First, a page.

British Airways: No to Surfers

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British Airways' ban on surfboards causes a stir.

British Airways' abrupt decision last week to reverse its generous policy for some sports enthusiasts traveling with their equipment has outraged the world surfing community. As of today, passengers are banned from checking surfboards, kayaks, canoes or wind surfing boards. BA's decision is what surfers might call a roundhouse cutback — a 180 degree shift in direction — from their original policy that still allows passengers to bring most sporting goods free, including golf clubs and bags, skis and snowboards.

World No. 1 surfer, Australian Mick Fanning said, "As a British Airways Platinum One World frequent flyer, it's really hard to take that people who have been so loyal, and spent so much money with BA have been dealt this blow." The British Canoe Union, which supports the 1.5 million U.K. residents who canoe and kayak is similarly alarmed. In a statement, it wrote, "We are concerned about the irony of 2008 being Olympic year. Our athletes will need to transport their equipment to pre-Olympic events, training camps and to the Olympics themselves in Beijing, China. This will significantly limit our athletes' ability to prepare for important events. And it will have further significant implications as we head towards the London 2012 Olympics." Newly crowned European long board champion and English champion Ben Skinner is also raising his voice in protest, saying, "As part of the British team I have always traveled with BA. I think it's a disgrace that they have thrown this ban back at us. BA seems to have totally underestimated the amount of business they stand to lose."

BA spokesman, Richard Goodfellow isn't so sure about that. Despite the uproar, he says, the airline is not considering changing its decision. "If you look at it as a percentage," he says, "the numbers of surfers that are traveling is tiny, miniscule."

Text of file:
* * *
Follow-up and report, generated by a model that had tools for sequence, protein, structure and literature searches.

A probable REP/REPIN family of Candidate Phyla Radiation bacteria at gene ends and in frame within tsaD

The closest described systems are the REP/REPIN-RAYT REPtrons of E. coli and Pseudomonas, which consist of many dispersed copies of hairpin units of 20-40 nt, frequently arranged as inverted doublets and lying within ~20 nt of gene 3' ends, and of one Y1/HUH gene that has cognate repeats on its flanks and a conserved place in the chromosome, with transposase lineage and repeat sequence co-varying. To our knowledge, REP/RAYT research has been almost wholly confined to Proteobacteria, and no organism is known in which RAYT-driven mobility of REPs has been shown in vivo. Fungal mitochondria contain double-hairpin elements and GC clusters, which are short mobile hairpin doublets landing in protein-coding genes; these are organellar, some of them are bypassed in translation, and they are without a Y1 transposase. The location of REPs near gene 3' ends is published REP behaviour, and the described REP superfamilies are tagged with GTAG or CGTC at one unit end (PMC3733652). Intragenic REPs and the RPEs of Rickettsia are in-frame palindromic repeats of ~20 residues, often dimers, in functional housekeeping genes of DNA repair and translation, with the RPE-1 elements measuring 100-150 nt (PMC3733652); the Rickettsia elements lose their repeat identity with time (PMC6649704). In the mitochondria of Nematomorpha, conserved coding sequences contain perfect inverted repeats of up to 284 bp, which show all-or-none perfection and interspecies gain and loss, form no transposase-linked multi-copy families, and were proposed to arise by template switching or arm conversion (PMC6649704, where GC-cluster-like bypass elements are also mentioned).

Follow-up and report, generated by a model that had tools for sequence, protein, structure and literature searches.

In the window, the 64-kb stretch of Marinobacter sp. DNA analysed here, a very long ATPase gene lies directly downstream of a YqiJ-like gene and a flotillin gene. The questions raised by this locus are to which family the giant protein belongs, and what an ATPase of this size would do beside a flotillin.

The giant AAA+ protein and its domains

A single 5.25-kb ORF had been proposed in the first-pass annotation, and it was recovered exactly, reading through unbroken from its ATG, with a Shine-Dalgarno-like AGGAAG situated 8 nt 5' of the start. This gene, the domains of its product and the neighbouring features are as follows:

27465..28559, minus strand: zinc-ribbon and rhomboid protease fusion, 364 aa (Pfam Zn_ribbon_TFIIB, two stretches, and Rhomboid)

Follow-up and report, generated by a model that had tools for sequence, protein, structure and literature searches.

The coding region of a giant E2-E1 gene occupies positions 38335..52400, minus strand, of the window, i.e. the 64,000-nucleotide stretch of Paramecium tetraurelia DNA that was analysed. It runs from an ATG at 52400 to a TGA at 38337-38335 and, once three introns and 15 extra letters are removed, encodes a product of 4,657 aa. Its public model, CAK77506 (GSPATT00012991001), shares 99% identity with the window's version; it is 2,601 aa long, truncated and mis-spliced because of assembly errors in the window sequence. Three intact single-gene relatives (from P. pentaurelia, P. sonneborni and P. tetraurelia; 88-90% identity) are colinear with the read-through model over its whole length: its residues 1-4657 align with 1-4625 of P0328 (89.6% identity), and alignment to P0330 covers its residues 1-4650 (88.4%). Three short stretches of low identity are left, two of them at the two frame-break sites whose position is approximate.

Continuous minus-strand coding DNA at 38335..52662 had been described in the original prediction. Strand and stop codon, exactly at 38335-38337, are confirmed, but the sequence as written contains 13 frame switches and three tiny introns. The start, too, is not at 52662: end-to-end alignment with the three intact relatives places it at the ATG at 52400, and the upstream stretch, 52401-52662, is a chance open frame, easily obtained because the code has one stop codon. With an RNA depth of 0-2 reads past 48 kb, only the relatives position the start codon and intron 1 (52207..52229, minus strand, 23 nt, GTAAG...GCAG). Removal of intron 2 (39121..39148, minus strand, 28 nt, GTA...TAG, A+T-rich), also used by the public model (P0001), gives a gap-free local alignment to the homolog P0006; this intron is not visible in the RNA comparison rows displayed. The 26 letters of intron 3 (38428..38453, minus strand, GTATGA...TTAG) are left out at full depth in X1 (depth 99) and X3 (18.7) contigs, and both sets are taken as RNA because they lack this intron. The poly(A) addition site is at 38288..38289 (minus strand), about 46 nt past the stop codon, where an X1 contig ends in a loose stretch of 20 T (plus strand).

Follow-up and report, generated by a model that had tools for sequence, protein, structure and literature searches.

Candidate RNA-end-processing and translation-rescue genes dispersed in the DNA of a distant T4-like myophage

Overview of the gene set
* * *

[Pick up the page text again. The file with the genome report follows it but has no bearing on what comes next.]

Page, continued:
Several airlines that serve high-profile surfing destinations such as South Africa and Australia are poised to gain BA's lost customers — and none is ready to follow suit with BA by banning surfboards. BA's reversal is particularly drastic: going from allowing these items for free to banning them entirely, while other airlines like Qantas, SAA, Delta and American charge extra for surfboards and similar equipment and will continue to do so.

A South African Airways spokeswoman says, "There won't be any decision to follow in BA's footsteps. For us, every passenger is essential. We would never take a standpoint to alienate such a large population of our travelers." A Qantas spokesperson told TIME, "We have no plans to change our existing arrangements." Virgin Atlantic, well regarded in the surfing community, and always eager to land a dig at British Airways announced today that it was expanding the types of sporting goods it would allow on board for free. "Virgin Atlantic continues to be the airline for sports enthusiasts, unlike others who are doing everything they can to prevent the gold medalists of the future transporting their equipment," it said in a statement. As long as the equipment complies with size and weight allowances, Virgin Atlantic travelers can check their diving equipment, golf equipment, fishing equipment, hang gliders, skis, surfboards, windsurfing boards, booms and sails, bicycles, paragliders, canoes and kayaks all free of charge. One roundhouse cutback deserves another.